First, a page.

Posted in From the Library on January 18 2018, by Esther Jackson

Esther Jackson is the Public Services Librarian at NYBG’s LuEsther T. Mertz Library where she manages Reference and Circulation services and oversees the Plant Information Office. She spends much of her time assisting researchers, providing instruction related to library resources, and collaborating with NYBG staff on various projects related to Garden initiatives and events.


The Less is More GardenThe Less is More Garden: Big Ideas for Designing Your Small Yard by Susan Morrison for Timber Press delivers what it promises—big ideas!

Very few of us have the perfect backyard or garden. In fact, most people who have outdoor spaces to garden are probably “tormented” to various extents by peculiarities of their yards. If part of the problem is related to space—too little of it, say, or an oddly-shaped plot—Morrison’s designs might be just what you need to find a solution.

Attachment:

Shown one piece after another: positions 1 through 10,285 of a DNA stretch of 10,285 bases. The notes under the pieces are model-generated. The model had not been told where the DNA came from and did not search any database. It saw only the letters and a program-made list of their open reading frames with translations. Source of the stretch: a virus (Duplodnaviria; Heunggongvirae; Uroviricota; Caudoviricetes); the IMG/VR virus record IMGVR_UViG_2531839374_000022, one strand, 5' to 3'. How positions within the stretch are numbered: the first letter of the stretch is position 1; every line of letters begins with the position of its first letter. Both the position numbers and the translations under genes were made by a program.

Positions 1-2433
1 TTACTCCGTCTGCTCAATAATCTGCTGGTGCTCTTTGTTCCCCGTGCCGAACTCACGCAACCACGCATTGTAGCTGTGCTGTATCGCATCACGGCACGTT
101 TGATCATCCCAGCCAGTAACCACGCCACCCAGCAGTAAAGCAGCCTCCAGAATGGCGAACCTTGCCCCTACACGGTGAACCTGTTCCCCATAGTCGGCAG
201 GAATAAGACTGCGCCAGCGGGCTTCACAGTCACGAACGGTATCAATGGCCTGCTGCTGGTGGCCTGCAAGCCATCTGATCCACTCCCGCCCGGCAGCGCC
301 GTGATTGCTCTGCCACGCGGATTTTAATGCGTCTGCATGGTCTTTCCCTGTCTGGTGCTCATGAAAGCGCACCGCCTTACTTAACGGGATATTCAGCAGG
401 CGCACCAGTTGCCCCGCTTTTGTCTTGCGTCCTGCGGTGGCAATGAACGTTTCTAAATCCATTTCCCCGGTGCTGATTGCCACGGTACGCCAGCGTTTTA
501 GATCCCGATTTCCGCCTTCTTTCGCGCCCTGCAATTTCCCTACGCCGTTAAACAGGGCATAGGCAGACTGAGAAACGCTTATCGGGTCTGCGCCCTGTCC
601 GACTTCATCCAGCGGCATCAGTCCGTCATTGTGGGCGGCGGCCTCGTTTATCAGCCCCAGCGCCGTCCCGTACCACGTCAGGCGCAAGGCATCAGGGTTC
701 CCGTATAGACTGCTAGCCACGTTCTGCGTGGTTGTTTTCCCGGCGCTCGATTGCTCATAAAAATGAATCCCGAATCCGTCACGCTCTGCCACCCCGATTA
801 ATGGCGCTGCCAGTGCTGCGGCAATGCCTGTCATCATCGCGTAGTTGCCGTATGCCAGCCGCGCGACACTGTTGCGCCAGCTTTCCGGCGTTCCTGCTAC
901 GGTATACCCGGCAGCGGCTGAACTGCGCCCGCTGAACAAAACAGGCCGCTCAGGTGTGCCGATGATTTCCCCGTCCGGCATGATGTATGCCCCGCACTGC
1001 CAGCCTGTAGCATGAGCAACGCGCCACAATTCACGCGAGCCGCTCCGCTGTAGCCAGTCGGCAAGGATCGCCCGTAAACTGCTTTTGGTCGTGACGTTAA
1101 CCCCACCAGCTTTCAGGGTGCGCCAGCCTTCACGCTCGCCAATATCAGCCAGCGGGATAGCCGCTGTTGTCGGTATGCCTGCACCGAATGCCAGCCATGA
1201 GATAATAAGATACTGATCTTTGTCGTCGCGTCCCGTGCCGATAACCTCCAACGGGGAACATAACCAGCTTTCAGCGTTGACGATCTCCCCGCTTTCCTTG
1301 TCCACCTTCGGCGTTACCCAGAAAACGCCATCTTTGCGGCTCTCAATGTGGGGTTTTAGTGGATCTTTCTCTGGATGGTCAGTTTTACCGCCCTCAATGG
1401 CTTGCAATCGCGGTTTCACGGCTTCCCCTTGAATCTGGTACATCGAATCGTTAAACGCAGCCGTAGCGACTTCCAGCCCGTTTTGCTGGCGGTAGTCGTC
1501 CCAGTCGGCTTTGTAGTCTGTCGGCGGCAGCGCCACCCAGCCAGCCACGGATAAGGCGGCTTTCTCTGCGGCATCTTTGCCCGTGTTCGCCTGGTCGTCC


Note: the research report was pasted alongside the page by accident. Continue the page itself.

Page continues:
Morrison’s designs are, as Steve Aitken notes in his foreword, enviable. They are tasteful, practical, and beautiful. How does she accomplish these spaces? Although site analysis is a crucial part of garden design, Morrison starts with three simple questions. What will you be doing in the garden? When will you be outside? Who will be with you? With user experience in mind, Morrison crafts spaces readers can easily imagine themselves entering.

For readers new to garden design, Morrison mostly offers inspiration. More experienced designers will be able to learn from Morrison’s designs and gain practical ideas about how to use space—not just small or oddly-shaped areas but all shapes and sizes—to best effect in a garden.